Under the Fair Work Act 2009 (Cth) (FW Act), enterprise agreements may be made which deal with permitted matters:
- matters pertaining to the relationship between an employer that will be covered by the agreement and that employer’s employees who will be covered by the agreement;
- matters pertaining to the relationship between the employer or employers, and the employee organisation or employee organisations that will be covered by the agreement;
- deductions from wages for any purpose authorised by an employee who will be covered by the agreement; or
- how the agreement will operate.
Item 2 expands the range of matters which can make up an enterprise agreement - largely regarding the relationship between an employer and a union – that were often historically included in agreements but became prohibited under WorkChoices. As a result, they were often the subject of side agreements or MoUs during the WorkChoices years except where this was prohibited by the Construction Code.
The law in this area is not settled and has been the subject of many test cases eg the High Court decision in Electrolux and following cases, as recent as Sydney Ferries in May 2009. The ongoing inclusion of the ‘matters pertaining’ test will allow argument about the boundaries between matters that are permitted and prohibited to avoid uncertainty and litigation.
A difficult reality of the FW Act for construction employers is that unions are provided with the capacity to take protected industrial action in order to advance claims for provisions that are beneficial to unions – claims which are nothing to do with the relationship between the employer and its employees.
Unlawful terms are quite different from non permitted matters. They are akin to WorkChoices prohibited content.
Master Builders Australia was disappointed1 that during the Government’s consideration of Senate proposed amendments, the Government rejected the regulation of independent contractors as an unlawful term. Under the FW Act, terms relating to conditions or requirements about engaging independent contractors may appropriately be included in enterprise agreements. The union view is that they legitimately relate to employees’ job security. We expect to see the return of the commonly used pre-WorkChoices clause that no contractor could be engaged on terms less favourable than those offered to employees. This could mean that an employer was required to pay the contractor’s normal hourly rate at a level at least comparable with that of an employee undertaking similar work.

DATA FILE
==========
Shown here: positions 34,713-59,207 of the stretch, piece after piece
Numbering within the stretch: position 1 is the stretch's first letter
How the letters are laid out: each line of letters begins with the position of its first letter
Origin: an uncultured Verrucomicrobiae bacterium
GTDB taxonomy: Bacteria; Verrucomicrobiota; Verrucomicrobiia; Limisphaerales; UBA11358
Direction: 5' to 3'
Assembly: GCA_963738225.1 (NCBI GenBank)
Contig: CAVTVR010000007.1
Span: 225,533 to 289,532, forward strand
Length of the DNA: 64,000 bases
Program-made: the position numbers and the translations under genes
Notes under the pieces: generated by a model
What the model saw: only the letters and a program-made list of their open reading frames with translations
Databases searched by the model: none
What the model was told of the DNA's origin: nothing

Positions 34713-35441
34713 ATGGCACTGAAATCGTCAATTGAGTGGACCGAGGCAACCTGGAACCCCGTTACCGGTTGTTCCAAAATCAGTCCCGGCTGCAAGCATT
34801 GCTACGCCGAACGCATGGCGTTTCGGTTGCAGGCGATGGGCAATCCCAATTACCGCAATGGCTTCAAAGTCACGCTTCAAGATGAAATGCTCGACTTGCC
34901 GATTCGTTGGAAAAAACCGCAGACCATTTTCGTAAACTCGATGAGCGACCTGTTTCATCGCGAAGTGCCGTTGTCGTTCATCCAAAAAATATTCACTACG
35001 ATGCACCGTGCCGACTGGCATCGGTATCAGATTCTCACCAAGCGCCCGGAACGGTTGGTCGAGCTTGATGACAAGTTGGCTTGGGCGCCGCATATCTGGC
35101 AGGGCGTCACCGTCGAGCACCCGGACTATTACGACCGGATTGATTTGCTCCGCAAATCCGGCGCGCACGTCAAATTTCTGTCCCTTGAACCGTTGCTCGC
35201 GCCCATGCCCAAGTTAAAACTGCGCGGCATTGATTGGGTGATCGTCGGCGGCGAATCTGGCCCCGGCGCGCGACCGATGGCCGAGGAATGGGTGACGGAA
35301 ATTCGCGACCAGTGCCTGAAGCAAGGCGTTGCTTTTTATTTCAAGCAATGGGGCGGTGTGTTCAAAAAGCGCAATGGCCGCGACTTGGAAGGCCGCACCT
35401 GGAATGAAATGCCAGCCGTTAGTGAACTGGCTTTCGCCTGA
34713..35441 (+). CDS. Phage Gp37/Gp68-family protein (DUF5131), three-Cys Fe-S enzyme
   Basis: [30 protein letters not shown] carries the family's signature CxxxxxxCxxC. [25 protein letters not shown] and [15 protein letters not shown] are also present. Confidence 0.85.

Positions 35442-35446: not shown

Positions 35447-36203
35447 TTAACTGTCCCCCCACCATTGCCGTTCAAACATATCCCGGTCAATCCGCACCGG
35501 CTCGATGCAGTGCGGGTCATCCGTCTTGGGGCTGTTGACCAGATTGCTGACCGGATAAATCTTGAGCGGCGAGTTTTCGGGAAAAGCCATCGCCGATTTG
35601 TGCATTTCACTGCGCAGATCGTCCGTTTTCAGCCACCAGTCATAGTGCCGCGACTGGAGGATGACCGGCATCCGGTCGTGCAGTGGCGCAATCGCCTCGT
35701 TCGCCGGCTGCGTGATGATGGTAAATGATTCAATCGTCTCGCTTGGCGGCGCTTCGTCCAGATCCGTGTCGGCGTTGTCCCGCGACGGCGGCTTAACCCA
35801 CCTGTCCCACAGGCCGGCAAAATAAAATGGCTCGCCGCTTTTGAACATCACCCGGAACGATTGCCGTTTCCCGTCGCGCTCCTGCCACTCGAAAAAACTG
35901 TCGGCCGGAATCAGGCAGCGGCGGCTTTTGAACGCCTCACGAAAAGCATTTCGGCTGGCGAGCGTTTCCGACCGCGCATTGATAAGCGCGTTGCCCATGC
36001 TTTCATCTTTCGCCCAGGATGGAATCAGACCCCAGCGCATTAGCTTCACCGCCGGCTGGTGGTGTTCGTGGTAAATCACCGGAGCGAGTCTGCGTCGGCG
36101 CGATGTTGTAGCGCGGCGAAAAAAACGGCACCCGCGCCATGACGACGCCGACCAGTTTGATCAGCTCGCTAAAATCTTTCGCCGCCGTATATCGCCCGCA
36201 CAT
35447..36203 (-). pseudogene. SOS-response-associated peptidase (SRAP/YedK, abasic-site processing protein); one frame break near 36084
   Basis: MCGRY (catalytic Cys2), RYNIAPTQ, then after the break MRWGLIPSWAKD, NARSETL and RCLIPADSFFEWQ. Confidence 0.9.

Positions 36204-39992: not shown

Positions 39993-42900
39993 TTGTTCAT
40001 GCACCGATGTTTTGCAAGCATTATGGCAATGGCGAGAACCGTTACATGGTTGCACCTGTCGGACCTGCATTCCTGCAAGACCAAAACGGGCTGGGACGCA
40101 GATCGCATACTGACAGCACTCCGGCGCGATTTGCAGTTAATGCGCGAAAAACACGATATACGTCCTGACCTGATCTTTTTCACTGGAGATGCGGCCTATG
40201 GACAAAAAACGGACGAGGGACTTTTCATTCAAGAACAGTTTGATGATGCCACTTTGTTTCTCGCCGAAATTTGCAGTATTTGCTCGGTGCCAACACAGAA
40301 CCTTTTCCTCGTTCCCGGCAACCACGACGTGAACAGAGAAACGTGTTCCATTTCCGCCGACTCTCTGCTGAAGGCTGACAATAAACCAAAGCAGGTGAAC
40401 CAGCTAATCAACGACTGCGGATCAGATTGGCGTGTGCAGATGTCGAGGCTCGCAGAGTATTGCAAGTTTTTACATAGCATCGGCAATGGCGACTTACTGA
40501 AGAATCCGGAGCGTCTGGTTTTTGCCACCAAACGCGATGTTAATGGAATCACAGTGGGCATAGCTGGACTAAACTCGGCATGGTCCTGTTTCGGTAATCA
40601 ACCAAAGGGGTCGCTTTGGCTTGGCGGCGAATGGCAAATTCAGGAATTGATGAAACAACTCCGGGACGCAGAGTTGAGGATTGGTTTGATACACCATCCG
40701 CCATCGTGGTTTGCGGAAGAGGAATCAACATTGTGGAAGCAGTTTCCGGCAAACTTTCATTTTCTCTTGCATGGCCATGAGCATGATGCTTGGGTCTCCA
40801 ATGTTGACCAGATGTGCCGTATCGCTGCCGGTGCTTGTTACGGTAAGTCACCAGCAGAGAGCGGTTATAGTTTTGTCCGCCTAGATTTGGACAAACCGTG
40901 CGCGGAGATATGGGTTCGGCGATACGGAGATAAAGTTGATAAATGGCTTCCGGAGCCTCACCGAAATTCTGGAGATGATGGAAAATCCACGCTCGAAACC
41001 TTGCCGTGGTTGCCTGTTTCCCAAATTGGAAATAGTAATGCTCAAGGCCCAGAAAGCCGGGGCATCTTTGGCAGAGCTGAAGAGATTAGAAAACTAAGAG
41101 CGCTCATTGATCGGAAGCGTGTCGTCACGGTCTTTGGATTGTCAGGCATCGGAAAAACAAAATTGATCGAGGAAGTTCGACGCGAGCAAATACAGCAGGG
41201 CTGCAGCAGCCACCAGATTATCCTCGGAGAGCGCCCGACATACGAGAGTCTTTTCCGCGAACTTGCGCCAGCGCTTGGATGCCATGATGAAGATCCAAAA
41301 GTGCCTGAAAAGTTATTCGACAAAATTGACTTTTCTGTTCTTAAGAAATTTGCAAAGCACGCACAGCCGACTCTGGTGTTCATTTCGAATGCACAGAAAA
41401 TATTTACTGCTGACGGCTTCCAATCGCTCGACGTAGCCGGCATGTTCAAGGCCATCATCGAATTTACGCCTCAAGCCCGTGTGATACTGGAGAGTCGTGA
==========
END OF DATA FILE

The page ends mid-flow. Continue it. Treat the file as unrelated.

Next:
Non permitted matters can appear in agreements
Despite a non-permitted term being ineffective, the inclusion of a term that is not about a permitted matter does not affect the validity of an enterprise agreement. In registering agreements, FWA will not assess the content of an agreement, except to determine whether the agreement contravenes the NES or contains unlawful terms.
Two clauses must be included in every enterprise agreement - a flexibility term and a consultation term. The flexibility clause must enable an employee and the employer to reach an arrangement varying the effect of the agreement for that employee ‘in order to meet the genuine needs of the employee and employer’.
A flexibility term permits certain terms of the enterprise agreement – the classic AWA trade-off of overtime, penalty rates, allowances and leave loading arrangements for when work is performed - to be varied by an individual flexibility arrangement. The flexibility term must not make the individual flexibility arrangement subject to the consent or approval of a third party (a union or a majority of employees) in an enterprise. However, the disadvantage for employers is that this cannot be made a condition of an employee accepting employment and employees can withdraw their agreement for any reason on 28 days’ notice.
A consultation term requires the employer to consult with employees about major workplace change that is likely to have a significant effect on the employees. Unions can demand consultation terms in agreements requiring that their approval be gained or that a majority of employees approve the workplace change before it is introduced.